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The day after

Balance of Power
Bloomberg

Stay tuned overnight for special editions of Balance of Power.

Election Day in America usually marks the end of the battle for the White House.

This year, it could just be the start of a further fight.

President Donald Trump has spent months claiming without evidence that mail-in votes, which signs indicate could favor Democratic challenger Joe Biden, are rife with fraud.

A record 98 million ballots have already been cast, which could take days if not longer to tally. But Trump has said all votes should be counted tonight and has refused to commit to a peaceful transfer of power.

That sets up a scenario where Americans may not know for a while who will be sworn in come January, particularly if tight races in battleground states prompt judicial challenges over late-arriving ballots.

National surveys and polls of most key states show Biden is ahead. But, as Nick Wadhams writes, Democrats scarred by Hillary Clinton's defeat in 2016 — despite her leading in polls — are cautious about their candidate's advantage.

Trump has called the polling "fake news" and points to his strong support within the Republican Party.

As Election Day dawns, the U.S. remains in the grip of the coronavirus pandemic, which has killed more than 230,000 Americans, hobbled the economy and redefined everyday life.

Questions loom about foreign interference, and the country is even more polarized than 2016. Following a summer of protests over police brutality, businesses in some urban centers have boarded up in anticipation of post-election civil unrest.

The ramifications of this election for American democracy are potentially enormous. That's even if the result is known relatively quickly. — Kathleen Hunter

A pedestrian walks past a boarded up Marshalls store yesterday in San Francisco.

Photographer: David Paul Morris/Bloomberg

Tell us how we're doing or what we're missing at balancepower@bloomberg.net.

Global Headlines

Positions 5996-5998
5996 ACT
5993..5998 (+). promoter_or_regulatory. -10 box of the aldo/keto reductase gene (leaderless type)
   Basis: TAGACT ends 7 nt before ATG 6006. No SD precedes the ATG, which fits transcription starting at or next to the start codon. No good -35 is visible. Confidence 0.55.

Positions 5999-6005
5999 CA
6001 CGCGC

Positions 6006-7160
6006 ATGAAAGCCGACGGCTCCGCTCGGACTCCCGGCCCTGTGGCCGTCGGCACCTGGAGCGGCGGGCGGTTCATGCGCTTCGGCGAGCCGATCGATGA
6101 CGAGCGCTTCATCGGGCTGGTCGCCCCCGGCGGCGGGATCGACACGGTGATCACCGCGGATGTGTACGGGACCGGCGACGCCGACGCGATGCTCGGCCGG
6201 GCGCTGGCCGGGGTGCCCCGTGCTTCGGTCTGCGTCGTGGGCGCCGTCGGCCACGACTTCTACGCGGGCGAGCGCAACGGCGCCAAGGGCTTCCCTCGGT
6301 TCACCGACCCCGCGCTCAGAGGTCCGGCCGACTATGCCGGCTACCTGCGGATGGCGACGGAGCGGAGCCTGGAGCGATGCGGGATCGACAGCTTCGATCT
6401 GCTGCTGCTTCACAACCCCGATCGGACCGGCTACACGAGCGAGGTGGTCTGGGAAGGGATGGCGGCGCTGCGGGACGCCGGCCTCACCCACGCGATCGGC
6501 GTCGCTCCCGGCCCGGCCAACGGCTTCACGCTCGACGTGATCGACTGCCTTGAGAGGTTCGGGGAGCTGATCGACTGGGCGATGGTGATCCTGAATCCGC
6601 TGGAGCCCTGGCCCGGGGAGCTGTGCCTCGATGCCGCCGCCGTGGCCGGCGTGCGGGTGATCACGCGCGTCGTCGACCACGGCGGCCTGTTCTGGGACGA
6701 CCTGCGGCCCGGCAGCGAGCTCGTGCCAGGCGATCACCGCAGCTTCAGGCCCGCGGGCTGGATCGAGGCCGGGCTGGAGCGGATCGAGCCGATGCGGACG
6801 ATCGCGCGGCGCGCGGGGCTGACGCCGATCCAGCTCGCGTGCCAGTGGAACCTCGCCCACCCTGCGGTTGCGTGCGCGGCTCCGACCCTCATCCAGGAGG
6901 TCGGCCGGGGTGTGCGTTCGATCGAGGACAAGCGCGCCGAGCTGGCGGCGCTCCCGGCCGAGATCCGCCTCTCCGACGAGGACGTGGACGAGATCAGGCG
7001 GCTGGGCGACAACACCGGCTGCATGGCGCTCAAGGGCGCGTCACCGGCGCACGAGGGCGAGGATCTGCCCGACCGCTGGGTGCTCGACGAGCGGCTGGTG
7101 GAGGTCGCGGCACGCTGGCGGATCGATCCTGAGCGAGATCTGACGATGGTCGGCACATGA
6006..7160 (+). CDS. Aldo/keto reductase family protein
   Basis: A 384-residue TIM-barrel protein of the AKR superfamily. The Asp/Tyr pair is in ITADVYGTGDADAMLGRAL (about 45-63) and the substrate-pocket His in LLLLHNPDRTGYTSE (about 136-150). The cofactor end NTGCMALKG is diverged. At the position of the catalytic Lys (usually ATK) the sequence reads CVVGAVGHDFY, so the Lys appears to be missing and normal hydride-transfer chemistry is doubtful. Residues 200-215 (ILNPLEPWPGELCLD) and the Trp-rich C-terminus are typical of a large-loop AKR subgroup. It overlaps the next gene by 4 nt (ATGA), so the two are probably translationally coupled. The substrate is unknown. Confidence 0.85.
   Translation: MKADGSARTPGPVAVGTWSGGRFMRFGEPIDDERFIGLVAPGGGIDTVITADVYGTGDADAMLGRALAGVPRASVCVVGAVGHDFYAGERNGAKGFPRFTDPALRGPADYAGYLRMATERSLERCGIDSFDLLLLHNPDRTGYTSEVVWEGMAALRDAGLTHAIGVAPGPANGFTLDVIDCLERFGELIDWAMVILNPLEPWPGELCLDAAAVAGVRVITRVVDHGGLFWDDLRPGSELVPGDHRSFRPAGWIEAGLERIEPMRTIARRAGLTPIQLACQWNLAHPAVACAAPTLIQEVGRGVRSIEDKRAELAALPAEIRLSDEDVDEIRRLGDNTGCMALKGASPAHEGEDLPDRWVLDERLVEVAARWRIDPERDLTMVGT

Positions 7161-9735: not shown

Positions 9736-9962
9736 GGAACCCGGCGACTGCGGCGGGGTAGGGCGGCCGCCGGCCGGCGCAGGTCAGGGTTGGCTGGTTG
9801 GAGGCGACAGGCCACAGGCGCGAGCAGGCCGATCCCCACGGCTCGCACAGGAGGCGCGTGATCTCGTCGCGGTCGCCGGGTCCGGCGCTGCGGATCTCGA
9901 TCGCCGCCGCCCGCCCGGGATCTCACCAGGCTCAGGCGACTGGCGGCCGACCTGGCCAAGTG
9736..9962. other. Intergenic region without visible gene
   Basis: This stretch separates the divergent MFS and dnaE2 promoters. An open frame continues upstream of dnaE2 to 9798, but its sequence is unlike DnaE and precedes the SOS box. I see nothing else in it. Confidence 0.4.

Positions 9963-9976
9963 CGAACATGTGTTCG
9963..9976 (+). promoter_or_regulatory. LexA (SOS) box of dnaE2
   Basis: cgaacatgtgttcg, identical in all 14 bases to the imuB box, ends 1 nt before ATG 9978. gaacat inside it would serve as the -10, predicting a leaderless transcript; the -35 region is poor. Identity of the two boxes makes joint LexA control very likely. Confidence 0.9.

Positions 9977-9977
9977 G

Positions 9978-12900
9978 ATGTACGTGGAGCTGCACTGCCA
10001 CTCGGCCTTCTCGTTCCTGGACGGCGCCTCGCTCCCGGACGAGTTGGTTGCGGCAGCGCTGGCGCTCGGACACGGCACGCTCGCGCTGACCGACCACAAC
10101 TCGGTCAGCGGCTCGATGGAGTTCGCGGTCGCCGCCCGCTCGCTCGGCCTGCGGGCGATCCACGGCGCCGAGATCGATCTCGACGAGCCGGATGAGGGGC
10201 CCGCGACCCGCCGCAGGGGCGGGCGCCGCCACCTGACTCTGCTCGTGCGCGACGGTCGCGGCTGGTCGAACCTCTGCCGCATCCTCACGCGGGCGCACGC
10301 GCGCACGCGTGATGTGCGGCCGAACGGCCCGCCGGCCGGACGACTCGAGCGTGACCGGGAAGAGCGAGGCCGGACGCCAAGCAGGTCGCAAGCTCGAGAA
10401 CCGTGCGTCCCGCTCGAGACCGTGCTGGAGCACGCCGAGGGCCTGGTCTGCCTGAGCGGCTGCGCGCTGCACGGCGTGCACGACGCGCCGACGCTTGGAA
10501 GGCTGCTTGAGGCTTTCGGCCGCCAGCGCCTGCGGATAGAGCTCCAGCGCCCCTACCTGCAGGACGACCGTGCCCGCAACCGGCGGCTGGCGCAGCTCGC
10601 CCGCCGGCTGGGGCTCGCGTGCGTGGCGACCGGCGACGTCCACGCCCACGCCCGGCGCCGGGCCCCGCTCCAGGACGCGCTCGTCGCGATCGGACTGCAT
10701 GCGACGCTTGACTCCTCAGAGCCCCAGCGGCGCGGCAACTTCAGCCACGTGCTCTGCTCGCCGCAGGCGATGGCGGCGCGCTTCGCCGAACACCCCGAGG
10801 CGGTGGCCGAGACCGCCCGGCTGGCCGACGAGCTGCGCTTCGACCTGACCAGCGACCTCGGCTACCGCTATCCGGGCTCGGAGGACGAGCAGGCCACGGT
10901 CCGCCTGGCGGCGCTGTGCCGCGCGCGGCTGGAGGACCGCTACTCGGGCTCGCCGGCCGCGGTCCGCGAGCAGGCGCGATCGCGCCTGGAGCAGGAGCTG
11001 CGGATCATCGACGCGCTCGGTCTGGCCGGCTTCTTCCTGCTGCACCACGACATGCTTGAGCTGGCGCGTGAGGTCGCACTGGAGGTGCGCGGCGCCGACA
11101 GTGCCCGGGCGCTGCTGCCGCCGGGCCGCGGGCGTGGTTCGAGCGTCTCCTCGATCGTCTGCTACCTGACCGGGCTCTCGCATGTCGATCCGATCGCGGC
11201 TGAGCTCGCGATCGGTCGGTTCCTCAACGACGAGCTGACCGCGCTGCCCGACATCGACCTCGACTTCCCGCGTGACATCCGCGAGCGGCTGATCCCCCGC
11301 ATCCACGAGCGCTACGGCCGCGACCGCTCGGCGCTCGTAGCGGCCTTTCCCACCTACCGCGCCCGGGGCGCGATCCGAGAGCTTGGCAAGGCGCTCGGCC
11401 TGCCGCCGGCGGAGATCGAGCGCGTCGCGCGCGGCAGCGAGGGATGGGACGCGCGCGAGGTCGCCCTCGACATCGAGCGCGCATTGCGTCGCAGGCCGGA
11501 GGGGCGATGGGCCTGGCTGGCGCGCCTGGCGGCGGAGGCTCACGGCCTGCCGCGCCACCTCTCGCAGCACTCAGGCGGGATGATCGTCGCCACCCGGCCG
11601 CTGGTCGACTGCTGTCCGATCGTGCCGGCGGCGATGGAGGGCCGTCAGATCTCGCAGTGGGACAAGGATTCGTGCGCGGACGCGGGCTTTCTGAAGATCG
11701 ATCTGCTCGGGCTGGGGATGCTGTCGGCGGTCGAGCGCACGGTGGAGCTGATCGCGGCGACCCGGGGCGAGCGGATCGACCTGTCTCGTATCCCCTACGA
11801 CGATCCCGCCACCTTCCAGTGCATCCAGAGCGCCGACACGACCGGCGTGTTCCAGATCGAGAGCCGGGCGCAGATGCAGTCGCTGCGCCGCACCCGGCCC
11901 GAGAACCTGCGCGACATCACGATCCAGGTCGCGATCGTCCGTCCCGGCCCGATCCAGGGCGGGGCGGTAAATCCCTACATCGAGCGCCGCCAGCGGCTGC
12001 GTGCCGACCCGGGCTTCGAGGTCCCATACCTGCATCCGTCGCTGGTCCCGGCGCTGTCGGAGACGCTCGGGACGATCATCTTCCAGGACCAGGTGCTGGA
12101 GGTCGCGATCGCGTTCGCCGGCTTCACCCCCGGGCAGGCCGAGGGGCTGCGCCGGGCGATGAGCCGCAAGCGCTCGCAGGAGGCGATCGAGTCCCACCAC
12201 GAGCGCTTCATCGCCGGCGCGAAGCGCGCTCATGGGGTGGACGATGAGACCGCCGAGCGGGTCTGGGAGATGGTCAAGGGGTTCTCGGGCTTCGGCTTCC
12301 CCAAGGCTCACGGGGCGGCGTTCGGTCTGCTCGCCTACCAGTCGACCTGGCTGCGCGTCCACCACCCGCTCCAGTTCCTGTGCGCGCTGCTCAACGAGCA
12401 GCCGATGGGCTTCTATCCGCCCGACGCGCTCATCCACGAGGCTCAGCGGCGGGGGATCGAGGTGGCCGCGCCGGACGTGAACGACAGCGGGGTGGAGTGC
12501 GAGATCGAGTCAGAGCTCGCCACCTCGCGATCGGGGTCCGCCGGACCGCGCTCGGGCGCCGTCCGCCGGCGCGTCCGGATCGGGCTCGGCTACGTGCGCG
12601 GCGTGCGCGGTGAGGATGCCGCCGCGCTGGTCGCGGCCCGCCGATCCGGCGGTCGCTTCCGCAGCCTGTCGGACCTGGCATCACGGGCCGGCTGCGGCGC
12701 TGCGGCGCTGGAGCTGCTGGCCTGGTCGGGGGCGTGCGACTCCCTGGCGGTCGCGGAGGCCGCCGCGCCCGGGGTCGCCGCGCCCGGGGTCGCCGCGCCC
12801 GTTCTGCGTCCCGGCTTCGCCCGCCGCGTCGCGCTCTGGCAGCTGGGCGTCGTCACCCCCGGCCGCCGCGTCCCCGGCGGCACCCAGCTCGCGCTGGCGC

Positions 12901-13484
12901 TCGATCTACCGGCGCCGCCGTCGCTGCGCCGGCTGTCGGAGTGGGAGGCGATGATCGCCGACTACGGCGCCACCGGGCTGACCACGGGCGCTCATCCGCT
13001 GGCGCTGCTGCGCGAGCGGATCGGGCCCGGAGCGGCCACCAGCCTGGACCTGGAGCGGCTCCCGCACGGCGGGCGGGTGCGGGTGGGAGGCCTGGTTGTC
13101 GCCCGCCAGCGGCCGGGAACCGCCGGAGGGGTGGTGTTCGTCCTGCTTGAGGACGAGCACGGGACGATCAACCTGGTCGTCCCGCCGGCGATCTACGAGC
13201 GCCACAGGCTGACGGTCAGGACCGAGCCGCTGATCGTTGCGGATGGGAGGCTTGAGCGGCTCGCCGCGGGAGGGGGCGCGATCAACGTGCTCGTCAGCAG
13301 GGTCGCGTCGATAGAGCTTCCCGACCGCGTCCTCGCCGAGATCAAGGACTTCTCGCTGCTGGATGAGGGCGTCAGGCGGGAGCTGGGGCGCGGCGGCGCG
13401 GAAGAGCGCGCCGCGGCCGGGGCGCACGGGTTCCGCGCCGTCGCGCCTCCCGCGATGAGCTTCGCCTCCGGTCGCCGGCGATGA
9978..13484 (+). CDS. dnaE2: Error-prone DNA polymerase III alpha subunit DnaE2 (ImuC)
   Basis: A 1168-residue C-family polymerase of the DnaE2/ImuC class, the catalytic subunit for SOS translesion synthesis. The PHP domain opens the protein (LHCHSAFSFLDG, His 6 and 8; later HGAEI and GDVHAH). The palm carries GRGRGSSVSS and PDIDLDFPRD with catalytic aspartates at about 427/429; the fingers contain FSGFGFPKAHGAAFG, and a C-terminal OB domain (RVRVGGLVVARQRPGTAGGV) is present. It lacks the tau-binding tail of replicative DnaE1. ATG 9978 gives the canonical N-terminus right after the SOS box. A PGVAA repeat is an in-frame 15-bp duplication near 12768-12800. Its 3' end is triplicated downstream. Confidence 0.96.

Election Day 2020

Polling stations on the East Coast opened at 6 a.m. local time. The key states of Florida, Georgia, North Carolina and Pennsylvania will be among the first to close, starting at 7 p.m. Trump plans to watch the results in Washington, while Biden will be in his home state of Delaware.

Voters also will decide who controls the Senate, pick their House representatives and weigh in on local races and referendums on specific policy issues.

Key links for Election Day:

Don't miss the biggest election headlines as they happen. Download Bloomberg's app for Android or for iOS and turn on push notifications.

Deadly attack | Austrian police made several arrests in raids in Vienna after a supporter of Islamic State shot dead at least three people in the capital last night, hours before a fresh coronavirus lockdown took effect. The Vienna shootings come after a jihadist last month killed three people in a church on France's Cote d'Azur, and a teacher was beheaded in Paris after he showed cartoons of the Prophet Mohammed to students during a discussion on freedom of speech.

Covid conspiracy | The Netherlands has long enjoyed a relatively relaxed political culture by the standards of elsewhere in Europe or America. But that is changing as the pandemic spurs conspiracy theories and public openness turns to intimidation and hate. As Diederik Baazil reports, politicians no longer feel safe, journalists are threatened at work and the Netherlands risks becoming a test bed for the destabilization that fake news can bring.

Protests in The Hague hint at conspiracy theories pushed by QAnon.

Photographer: SOPA Images/LightRocket

Tainted victory | Ivory Coast President Alassane Ouattara won a landslide victory after the opposition urged a boycott of the vote, saying his bid for a third term was unconstitutional. The election on Saturday was marred by the deaths of five people and fueled concerns about unrest in the world's largest cocoa-growing nation.

Tenuous grip | A year of turmoil in Malaysia is coming down to a budget vote that will double as a test of confidence in Prime Minister Muhyiddin Yassin, whose seven-month-old administration is hanging by a thread. He is rushing to cobble together the numbers to pass the budget, due to be presented to the parliament on Friday, and he's signaled a willingness to work with any of the nearly 20 parties that won seats in the 2018 election.

What to Watch

  • With most of Europe constrained by a second lockdown, euro-area finance ministers today will assess the economic impact of the restrictions.
  • Peru's Congress voted to start impeachment proceedings against President Martin Vizcarra for the second time in two months.
  • Thailand may ask a former prime minister to lead a reconciliation committee proposed by the parliament to resolve key issues raised by pro-democracy protesters.

And finally ... As winter sets in, the air hanging over north India thickens with smoke from burning fields, blocking out the sun and making it hard to breathe. That could spell disaster for the fight against the pandemic. With some of the most polluted cities on the planet and more than 8 million confirmed virus infections, India faces a medical calamity with cases and pollution spiking across major centers, including the capital, New Delhi.

Crop stubble is set ablaze on farmland at a village near Jewar, Uttar Pradesh on Oct. 30.

Photographer: Anindito Mukherjee/Bloomberg

 

 

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